Magnus Carlson: A Nordic Soul – album review
A Nordic Soul
Available via iTunes and all other streaming services
After releasing several Gold and Platinum records you might think Magnus would rest on his laurels by sticking with his core Scandinavian audience. Not so.
With the help of expert producer and fellow band member Andy Lewis what we have here is a Magnus’s debut UK solo album release of wonderfully arranged Northern Soul belters recorded at Paul Weller’s Black Barn studio, each song has a flow and a natural bounce to it which will unleash a groove upon any hipster who dares to take this record for a spin.
Opener From Now On showcases what you will hear in the rest the set. Stunning soul trumpets, quick step bongos, searing Hammond organ, break beat drums matched with Magnus’s great soul voice. Get your seatbelt on, this is going to be an electrifying ride.
Second track, Now That’s Over, features soul songstress Fay Hallan sharing the vocals, in the classic Tami Terrell/Marvin Gaye fashion. Beggin’ is the classic cover of the Bob Gaudio and Peggy Farina composition popularized by The Four Seasons in 1967. No major changes to the song layout but one nonetheless it’s full with the same relentless powerhouse soul.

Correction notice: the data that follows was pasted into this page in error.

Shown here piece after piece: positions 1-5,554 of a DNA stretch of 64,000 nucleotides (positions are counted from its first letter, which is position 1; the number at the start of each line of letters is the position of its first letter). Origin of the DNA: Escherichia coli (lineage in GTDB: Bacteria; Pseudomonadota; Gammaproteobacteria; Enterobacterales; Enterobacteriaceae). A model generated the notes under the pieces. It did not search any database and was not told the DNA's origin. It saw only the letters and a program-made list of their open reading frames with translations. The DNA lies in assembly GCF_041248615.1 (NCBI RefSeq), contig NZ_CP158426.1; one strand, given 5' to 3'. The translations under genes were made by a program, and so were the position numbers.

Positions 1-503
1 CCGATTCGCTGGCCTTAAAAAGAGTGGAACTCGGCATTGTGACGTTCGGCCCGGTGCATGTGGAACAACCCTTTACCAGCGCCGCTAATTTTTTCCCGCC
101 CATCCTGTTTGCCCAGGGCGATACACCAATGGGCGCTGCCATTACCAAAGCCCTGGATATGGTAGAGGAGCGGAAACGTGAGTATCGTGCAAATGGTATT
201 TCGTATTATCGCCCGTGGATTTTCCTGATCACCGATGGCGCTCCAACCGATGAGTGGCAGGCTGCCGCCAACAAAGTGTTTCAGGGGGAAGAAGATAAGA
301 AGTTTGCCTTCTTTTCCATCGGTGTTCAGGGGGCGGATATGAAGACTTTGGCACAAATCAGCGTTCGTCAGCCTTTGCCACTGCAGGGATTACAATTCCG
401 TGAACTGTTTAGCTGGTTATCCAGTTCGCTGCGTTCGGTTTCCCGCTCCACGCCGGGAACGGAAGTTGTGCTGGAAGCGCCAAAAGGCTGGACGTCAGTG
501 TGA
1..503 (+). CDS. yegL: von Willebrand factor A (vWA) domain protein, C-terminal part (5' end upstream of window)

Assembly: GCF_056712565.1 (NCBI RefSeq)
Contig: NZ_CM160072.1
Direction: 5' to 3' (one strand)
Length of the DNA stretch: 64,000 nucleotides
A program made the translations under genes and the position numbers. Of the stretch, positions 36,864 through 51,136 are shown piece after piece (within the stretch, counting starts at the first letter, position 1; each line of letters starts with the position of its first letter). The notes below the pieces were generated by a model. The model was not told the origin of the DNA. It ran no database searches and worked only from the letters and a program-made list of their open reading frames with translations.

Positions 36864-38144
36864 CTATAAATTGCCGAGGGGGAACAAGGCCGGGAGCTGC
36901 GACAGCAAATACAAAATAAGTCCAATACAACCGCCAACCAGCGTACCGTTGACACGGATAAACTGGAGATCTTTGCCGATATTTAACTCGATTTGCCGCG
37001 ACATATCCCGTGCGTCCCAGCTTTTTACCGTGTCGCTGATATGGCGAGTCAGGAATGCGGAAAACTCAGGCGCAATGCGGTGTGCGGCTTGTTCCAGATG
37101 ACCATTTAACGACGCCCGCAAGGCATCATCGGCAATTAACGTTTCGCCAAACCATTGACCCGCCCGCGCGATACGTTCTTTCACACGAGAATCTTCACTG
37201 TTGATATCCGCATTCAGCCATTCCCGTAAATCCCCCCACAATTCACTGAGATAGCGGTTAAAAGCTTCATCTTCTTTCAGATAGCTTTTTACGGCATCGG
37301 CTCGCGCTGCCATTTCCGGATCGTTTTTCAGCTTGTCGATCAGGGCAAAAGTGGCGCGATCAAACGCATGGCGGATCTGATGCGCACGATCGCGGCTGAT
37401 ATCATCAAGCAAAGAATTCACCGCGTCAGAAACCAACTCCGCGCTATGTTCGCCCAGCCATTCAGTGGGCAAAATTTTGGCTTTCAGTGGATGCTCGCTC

Further tracks on the album all follow a similar revolving pattern as previously mentioned. Keep On Dreaming features a luscious orchestra which has a disco feel to its core. Wait For Love To Grow starts off acoustic but then loops the listener back into the unstoppable northern soul feel. Brilliant!. The Torch is another soul stomper which gets the toe tapping then the hips grooving then gets up on your feet. Broken Promise Land features Magnus crooning over sublime guitar licks, whilst he talks of tortured love and crushed dreams, a soul classic.
Final track Eternal Love is a love balled where Magnus sings of an “Angel that passed me by, shining down on me”; a great ballad to finish a quite stunning album.
This is a perfect piece of work, no wonder 6 Music’s Craig Charles has been championing this as his record of the year, it’s a really toe tapper from first chord to last. In my opinion this should be filed against those classic Okeh, Stax and the faceless northern soul classics. Get the talcum powder out on the wooden floors and create your own Wigan Casino. Highly recommended.
All words by Matt Mead. Further articles by Matt can be found at the Louder Than War author archive page.